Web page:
Rails 7.1 generate_token_for functionality for Phoenix

Hi everyone,

I always jump around between languages and frameworks to see what is new and to keep my general knowledge up to date if I need to use a different language or framework.

Lately I’ve been spending some time with Rails 7.1 and got a small crush on the authentication work they’ve done.

Since I have a couple of Phoenix side projects that I’ve built my own auth for, the empty columns for confirmation_token and reset_password_token has been a bit of a nuisance and I don’t like the phx.gen.auth setup with a separate table to handle tokens either.

Anyway to the actual point. In Rails they now have generate_token_for which avoids the entire need for additional columns just to handle password reset, updating email or confirming an account.

I’ve written a small PoC in Elixir that essentially solves the same issue and would like to hear some feedback, thoughts or suggestions on this.

First the TokenFor module:

defmodule MyApp.TokenFor do
  @moduledoc """
  Token management for various purposes.

  alias Phoenix.Token
  alias MyAppWeb.Endpoint

  @type token_definition :: %{
          expires_in: integer(),
          payload_func: function()

  @spec generate_token_for(Ecto.Schema.t(), token_definition) :: String.t()
  def generate_token_for(model, %{expires_in: expires_in, payload_func: payload_func}) do
    payload = payload_func.(model)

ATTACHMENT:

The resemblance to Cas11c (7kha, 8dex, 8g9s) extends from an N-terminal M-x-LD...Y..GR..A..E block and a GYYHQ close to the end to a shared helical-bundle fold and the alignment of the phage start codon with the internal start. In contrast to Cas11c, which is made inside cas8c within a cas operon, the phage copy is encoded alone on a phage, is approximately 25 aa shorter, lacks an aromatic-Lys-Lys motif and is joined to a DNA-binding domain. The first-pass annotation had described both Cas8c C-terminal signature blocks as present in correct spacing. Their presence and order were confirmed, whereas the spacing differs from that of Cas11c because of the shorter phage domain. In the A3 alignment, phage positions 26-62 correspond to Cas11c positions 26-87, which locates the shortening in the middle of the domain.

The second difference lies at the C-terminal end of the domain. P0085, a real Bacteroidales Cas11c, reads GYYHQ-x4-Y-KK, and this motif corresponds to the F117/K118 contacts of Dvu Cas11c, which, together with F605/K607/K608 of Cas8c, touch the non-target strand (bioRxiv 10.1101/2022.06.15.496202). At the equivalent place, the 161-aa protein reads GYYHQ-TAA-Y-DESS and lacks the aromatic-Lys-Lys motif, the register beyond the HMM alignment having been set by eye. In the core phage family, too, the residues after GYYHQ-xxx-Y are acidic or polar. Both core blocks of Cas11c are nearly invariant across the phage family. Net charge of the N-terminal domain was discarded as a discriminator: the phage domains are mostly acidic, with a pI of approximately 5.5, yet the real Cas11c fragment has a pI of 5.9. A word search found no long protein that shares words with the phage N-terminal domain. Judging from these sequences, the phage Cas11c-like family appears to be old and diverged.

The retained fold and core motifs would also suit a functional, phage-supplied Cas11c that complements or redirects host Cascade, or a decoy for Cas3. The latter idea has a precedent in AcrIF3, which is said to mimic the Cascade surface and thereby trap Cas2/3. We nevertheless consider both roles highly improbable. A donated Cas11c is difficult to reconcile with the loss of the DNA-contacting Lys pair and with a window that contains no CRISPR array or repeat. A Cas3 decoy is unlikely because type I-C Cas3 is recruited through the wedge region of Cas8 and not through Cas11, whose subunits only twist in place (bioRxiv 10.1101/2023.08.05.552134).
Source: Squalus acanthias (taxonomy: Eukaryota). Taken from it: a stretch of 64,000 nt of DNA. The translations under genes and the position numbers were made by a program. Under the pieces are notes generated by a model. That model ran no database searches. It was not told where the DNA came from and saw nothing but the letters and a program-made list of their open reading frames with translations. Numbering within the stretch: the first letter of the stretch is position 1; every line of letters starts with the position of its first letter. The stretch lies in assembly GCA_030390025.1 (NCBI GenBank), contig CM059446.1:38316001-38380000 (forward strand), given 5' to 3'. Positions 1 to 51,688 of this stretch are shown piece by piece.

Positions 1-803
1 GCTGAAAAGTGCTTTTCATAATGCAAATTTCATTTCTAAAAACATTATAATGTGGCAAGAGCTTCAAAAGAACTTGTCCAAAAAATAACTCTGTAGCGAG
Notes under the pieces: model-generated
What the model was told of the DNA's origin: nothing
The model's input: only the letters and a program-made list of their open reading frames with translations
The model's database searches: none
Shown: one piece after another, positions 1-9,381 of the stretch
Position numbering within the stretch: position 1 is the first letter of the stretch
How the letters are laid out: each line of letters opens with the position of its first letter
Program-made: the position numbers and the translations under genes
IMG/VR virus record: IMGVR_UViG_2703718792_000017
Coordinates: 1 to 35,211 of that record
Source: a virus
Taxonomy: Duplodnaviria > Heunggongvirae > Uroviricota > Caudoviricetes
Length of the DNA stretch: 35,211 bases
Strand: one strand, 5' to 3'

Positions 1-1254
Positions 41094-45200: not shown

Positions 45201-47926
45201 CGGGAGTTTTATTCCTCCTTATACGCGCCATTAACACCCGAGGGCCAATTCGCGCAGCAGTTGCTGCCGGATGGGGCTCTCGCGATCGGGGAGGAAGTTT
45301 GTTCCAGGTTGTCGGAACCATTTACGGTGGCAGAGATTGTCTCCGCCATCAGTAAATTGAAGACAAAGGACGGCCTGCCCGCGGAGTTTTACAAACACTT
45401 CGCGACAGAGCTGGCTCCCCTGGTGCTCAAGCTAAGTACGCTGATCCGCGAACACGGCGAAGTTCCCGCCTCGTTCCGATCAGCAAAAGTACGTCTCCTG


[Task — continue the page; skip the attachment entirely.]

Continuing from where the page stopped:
Token.sign(Endpoint, Endpoint.config(:secret_key_base), {model.id, payload},
      max_age: expires_in

  @spec find_by_token_for(String.t(), token_definition, (integer() -> Ecto.Schema.t() | nil)) :: {:ok, Ecto.Schema.t()} | {:error, atom()}
  def find_by_token_for(token, %{payload_func: payload_func}, fetch_model_func) do
    case Token.verify(Endpoint, Endpoint.config(:secret_key_base), token) do
      {:ok, {id, payload}} ->
        model = fetch_model_func.(id)

        cond do
          model && payload == payload_func.(model) -> {:ok, model}
          model -> {:error, :invalid}
          true -> {:error, :not_found}

      {:error, :expired} ->
        {:error, :not_found}

      {:error, _} ->
        {:error, :invalid}

This gives us everything we need to create and find users for tokens generated.

On the User model we just add a function for the definition we need, for example:

  def password_reset_definition do
      expires_in: 15 * 60, # 15 minutes in seconds